These colourful baskets from Ghana, Uganda, Madagascar and Bangladesh are much more than souvenirs from far-flung lands. Each of them, skilfully made by hand, also tells a personal story about the woman who made it and how she uses her work to escape poverty.
Each and every basket is something special and different, individuals just like the women who made them. Their names are Memuna, Immaculate, Shuchitra and Nirupama Saha; they’re from Ghana, Uganda, Madagascar and Bangladesh; and they are bitterly poor. Every article comes with a photo of the artisan, along with her personal story and an opportunity to get in touch with her through a protected online register.
The stories are positive and strong, they give courage and pay tribute to these women who have been given a chance - and taken it. Theresa Carrington founded the Blessing Basket project in 2002 and knows what it means to be poor, to suffer hardship and to have to fend for yourself. Those were her childhood. But the US American also experienced what it’s like when the people around you are not indifferent to you: years ago, it was the letters from friends and acquaintances she received that helped her through a crisis in her life and encouraged her to go on. She collected the evidence of the care and compassion that surrounded her at that time in a “blessing basket”, she recalls. It was an experience she wanted to pass on, and she believes it is one that can also help fight poverty in the world. The former journalist reached out through an online platform and quickly found encouragement for her idea from all over the world.
From this, the Blessing Basket project was born, with a simple but effective programme that teaches women a craft such as basket-weaving. Selling these fair-trade products means the artisans receive payments up to six times higher than they would otherwise. The money is intended to be start-up capital for the women, allowing them to found and lead their own enterprises after about three years and further training. Just like Memuna from Ghana, who makes a solid livelihood for herself and her four children from her own grocery store and is diligently expanding with further shops.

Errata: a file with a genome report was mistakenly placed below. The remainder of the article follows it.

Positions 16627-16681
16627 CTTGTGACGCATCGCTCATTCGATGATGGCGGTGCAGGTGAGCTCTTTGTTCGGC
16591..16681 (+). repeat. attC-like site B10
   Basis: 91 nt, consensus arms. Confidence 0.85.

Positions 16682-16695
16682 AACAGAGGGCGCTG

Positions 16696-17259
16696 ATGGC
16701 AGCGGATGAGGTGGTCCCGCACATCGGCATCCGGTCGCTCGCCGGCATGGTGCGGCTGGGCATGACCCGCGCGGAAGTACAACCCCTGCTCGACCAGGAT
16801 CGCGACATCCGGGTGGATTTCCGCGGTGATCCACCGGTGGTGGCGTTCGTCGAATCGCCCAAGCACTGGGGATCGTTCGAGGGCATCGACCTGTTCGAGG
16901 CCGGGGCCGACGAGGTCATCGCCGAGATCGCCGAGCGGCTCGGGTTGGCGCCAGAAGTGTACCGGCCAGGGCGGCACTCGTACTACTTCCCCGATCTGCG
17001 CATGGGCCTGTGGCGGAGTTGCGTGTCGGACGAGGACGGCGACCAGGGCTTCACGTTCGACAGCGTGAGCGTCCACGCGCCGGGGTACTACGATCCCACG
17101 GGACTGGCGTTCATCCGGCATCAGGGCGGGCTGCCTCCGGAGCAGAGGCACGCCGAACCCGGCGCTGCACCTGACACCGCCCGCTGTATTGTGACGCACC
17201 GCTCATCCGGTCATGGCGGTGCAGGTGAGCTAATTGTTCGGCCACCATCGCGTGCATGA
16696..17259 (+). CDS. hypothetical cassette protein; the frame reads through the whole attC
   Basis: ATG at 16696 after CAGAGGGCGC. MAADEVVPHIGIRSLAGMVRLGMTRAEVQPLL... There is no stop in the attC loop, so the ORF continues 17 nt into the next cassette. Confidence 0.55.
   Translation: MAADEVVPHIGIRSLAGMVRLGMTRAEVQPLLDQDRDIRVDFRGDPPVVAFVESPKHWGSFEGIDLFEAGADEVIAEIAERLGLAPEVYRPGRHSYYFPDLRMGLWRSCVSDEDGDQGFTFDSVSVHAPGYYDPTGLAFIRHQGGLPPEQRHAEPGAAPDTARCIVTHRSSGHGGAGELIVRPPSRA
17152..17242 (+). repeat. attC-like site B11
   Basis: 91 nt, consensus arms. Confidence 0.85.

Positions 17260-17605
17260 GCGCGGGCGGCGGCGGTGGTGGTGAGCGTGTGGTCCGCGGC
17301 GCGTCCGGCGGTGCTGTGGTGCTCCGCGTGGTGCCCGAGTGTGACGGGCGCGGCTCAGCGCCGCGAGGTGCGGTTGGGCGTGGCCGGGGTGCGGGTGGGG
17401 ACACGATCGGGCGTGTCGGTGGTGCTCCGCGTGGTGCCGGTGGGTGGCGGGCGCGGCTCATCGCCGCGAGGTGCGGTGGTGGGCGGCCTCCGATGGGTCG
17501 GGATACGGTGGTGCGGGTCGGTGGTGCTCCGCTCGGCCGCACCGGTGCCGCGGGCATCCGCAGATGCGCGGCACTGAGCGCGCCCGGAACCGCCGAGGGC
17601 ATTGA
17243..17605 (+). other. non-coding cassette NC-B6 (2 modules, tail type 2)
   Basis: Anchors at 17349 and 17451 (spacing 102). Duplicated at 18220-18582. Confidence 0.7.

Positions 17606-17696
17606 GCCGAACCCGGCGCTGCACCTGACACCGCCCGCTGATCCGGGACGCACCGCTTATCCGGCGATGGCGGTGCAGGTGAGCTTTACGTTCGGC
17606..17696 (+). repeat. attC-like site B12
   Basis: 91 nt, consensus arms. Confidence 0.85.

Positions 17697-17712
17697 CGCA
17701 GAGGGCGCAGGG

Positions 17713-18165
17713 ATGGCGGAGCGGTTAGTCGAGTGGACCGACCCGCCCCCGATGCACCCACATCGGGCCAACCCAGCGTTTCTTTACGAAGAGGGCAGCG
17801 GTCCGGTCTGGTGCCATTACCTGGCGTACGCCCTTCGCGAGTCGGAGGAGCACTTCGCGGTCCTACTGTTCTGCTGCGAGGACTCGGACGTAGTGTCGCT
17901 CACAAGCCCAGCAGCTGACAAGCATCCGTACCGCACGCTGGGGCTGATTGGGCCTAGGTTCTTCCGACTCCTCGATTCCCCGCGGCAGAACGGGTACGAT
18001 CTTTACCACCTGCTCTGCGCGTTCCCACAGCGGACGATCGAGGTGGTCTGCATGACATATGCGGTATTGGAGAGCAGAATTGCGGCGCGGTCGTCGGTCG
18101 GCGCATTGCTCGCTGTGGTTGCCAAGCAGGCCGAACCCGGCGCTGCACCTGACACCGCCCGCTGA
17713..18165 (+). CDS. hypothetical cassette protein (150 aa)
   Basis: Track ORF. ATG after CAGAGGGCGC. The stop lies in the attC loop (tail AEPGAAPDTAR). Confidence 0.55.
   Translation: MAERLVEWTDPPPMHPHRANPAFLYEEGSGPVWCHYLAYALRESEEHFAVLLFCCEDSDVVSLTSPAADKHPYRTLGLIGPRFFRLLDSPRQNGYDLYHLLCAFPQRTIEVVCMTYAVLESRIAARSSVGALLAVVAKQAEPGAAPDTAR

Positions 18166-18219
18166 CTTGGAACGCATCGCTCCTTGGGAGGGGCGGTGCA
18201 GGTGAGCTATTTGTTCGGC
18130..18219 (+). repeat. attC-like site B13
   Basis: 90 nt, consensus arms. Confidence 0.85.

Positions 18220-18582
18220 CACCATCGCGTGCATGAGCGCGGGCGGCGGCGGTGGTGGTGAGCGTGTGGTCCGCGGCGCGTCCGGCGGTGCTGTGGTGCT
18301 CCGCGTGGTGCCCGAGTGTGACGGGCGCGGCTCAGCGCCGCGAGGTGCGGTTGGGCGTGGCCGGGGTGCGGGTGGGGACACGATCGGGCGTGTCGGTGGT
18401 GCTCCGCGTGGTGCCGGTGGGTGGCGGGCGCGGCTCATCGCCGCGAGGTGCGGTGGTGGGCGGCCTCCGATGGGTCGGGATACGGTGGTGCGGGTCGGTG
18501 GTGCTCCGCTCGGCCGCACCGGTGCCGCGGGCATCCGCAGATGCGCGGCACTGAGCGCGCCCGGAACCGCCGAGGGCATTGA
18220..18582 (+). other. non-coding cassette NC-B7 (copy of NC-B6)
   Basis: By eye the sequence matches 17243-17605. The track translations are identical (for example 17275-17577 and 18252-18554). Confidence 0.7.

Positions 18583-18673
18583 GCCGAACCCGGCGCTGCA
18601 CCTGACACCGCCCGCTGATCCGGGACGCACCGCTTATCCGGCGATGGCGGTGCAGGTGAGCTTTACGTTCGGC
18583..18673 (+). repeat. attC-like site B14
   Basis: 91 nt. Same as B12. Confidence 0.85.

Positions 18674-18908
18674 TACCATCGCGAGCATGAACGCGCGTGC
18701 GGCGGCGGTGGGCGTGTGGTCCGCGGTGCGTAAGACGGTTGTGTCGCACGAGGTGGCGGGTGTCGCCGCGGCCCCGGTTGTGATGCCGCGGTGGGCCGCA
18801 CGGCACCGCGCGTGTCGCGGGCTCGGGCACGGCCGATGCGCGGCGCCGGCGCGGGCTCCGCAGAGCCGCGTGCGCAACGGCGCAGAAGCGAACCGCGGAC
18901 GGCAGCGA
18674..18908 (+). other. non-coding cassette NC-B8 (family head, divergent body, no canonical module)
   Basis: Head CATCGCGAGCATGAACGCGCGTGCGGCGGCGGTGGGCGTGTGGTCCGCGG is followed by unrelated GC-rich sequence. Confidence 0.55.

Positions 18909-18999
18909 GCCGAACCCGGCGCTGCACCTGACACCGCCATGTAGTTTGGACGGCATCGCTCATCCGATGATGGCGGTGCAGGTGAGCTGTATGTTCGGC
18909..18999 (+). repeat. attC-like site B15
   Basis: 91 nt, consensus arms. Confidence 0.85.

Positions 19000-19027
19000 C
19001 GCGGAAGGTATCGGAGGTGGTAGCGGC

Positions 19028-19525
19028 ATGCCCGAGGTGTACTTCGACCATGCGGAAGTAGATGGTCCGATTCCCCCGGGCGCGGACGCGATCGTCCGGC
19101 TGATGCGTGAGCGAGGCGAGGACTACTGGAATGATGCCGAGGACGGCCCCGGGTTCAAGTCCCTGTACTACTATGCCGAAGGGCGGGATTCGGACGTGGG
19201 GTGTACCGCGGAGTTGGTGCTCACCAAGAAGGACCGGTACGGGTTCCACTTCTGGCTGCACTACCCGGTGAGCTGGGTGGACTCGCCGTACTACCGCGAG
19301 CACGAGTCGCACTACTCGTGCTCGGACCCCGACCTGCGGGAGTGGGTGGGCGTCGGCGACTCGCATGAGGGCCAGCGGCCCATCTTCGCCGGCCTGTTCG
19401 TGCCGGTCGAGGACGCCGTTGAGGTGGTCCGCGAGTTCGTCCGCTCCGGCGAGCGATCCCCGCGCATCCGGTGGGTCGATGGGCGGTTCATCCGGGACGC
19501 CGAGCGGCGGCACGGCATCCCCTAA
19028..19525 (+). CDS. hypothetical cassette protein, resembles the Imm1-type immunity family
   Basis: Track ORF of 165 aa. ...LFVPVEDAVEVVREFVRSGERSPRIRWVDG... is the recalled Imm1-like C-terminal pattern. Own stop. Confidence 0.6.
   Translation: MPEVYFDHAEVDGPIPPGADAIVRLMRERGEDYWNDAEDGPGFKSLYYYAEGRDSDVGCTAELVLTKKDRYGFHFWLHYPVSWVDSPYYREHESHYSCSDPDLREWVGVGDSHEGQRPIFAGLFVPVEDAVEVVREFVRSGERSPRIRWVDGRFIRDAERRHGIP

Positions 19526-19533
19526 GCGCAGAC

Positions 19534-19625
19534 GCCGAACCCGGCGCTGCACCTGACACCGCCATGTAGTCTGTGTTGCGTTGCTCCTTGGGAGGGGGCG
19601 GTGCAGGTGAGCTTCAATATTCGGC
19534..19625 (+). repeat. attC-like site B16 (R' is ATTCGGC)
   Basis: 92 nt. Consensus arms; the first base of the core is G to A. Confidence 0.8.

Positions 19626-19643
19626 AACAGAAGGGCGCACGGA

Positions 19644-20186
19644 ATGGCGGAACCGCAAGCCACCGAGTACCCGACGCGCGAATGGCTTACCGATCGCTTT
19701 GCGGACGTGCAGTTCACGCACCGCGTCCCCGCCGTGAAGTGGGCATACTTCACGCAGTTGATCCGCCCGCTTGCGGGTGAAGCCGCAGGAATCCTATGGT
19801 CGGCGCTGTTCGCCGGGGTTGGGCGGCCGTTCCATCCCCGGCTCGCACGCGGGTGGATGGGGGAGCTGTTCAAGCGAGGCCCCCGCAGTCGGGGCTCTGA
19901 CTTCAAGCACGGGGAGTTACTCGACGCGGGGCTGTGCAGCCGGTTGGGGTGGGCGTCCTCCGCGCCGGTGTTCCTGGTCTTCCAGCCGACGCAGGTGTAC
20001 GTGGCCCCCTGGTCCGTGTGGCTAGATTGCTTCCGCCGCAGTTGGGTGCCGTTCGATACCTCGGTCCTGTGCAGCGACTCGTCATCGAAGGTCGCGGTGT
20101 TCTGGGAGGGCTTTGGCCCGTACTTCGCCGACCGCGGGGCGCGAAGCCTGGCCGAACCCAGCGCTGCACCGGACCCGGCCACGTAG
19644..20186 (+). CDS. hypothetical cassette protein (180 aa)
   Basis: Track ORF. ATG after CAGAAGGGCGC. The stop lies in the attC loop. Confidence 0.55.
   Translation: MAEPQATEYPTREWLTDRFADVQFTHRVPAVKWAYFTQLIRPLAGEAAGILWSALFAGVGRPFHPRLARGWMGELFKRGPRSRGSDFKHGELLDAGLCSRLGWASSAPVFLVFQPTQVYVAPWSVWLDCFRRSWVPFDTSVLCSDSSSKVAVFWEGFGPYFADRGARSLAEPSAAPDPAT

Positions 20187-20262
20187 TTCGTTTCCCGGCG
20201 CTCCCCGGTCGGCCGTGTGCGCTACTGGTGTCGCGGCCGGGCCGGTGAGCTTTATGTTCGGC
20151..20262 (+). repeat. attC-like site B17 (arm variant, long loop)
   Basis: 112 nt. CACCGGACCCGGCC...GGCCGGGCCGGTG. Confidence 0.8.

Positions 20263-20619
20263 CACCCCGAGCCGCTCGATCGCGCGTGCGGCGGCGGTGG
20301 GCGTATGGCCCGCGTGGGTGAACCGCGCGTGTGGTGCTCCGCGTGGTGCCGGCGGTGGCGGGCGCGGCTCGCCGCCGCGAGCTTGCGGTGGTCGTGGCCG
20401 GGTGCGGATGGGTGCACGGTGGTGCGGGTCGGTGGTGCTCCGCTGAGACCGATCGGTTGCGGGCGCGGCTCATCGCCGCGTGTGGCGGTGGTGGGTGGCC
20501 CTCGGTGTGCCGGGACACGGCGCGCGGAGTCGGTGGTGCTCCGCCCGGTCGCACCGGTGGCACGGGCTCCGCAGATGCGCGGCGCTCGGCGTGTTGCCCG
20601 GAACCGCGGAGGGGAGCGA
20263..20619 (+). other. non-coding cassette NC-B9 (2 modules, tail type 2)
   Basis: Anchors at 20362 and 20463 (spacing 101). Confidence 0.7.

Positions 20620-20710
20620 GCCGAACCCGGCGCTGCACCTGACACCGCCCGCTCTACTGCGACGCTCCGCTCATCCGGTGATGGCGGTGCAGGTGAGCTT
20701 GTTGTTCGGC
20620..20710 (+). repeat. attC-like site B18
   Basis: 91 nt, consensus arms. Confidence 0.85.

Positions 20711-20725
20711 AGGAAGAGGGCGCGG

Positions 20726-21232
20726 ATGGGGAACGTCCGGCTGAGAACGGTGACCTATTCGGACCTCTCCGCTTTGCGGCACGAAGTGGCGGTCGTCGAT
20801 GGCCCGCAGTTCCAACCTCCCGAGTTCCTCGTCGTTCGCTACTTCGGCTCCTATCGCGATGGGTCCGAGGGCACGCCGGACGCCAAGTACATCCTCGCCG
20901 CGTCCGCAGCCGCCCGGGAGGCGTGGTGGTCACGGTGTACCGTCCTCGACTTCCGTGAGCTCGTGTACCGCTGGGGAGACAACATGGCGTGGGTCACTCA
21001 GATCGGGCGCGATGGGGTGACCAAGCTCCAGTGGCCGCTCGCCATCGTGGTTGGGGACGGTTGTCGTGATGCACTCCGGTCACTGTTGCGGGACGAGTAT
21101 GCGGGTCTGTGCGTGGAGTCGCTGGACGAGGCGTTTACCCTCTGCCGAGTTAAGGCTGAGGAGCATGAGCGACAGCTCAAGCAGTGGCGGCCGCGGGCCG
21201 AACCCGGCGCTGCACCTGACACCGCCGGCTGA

Carrington soon recognised that one outcome of the project was a change in men’s attitudes towards the women. “In most countries in the world, crafts are something only women do. By participating in the Blessing Basket programme, they suddenly earn money from it and contribute to the family income”, says Carrington. “This means a higher status for the women. The men stop threatening them and selling their daughters. Instead, they begin supporting them.” In Bangladesh, Carrington has already accepted eight men into her programme.
“Small things can make the world a better place”, says Carrington. The Blessing Basket, her non-profit project, now reaches more than 3,500 artisans in seven countries. But this is only the start: Carrington still has big plans, and she knows how to use communication and publicity to get there. Through the sale of handicrafts alone, she has established more than 160,000 contacts via the internet between artisans and their customers all over the world. When she entered her project into the Intercultural Innovation Award in 2016, she did this deliberately, as she says, to lift her project “to a new trajectory”. The Award, which is presented by the BMW Group and the United Nations Alliance of Civilisations (UNAOC), and which she displays on her homepage (www.blessingbasket.com), enabled Carrington to spread her idea of “the small gesture” to the world. She was invited to seminars and panel debates, spoke in front of more than 2,000 people at the BMW Group, received standing ovations and rapidly developed her idea further. To give even more women a chance to stand on their own in future, she will soon add scarves and shawls from Indonesia to her product range, which currently includes baskets, backpacks, aprons and coffee, and which she distributes through her online shop as well as in markets and around her home town of St. Louis, Missouri. The new articles, too, will carry the signatures of women who have courage and spread hope.
Find more information about the Intercultural Innovation Award here: https://interculturalinnovation.org/the-award/about-the-award/